Catholic sites in Boston, Massachusetts
Catholic history of Boston:
Although today we often think of Boston as a heavily Catholic-influenced city, the early Catholics here were severely restricted in the practice of their religion.
The Puritans were intolerant of any religion other than their own, be it Protestant or Catholic. And the English made it illegal to practice The Faith throughout much of the period leading up to the American Revolution.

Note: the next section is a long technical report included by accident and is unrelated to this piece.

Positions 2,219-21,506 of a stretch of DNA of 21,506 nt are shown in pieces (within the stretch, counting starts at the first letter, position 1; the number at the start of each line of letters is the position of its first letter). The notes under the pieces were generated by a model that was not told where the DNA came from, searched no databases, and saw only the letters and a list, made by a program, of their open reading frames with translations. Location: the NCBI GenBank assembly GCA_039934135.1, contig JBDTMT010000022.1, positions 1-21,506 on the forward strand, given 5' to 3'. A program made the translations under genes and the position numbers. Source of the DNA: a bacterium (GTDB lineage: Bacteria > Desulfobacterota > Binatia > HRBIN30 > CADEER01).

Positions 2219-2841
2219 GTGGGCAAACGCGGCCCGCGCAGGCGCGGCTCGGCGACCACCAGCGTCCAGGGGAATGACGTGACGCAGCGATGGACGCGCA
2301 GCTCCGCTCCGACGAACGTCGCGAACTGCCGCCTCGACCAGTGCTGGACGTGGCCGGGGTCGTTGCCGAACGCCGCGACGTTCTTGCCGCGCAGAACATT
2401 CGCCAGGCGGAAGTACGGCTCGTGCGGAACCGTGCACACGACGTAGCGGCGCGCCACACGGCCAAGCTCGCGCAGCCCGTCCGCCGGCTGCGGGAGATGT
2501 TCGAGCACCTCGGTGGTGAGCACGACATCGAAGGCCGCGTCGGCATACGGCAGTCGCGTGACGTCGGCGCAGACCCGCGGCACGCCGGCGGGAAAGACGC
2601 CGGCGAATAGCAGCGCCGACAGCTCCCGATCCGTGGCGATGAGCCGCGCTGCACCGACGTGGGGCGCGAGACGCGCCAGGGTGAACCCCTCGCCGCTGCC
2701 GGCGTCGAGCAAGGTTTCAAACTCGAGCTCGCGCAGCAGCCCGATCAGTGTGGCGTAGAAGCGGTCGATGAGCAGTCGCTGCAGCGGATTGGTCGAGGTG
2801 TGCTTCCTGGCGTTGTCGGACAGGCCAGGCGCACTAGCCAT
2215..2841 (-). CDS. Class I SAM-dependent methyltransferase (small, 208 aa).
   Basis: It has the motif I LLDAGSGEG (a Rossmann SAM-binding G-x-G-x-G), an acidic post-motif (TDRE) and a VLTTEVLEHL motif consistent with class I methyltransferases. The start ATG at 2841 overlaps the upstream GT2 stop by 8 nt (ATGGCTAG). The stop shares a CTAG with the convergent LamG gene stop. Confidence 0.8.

After 1776, when the French allied with the rebellious colonies, the situation began to change; although it was not until 1788, that the first public Mass was celebrated in Boston.
Anti-Catholicism remained though, as exemplified by the burning of an Ursuline Convent in 1834 by a Protestant mob (for which no one was convicted). The riot was sparked by un-founded rumors and stoked by local newspapers.
As time went on, though, the new immigrants arriving from Europe would change all that. It was the time of the Irish Famine, and with so many Irish….most of whom were Catholic…settling in Boston, the religious make up of the city changed dramatically.
Catholic sites of interest in Boston: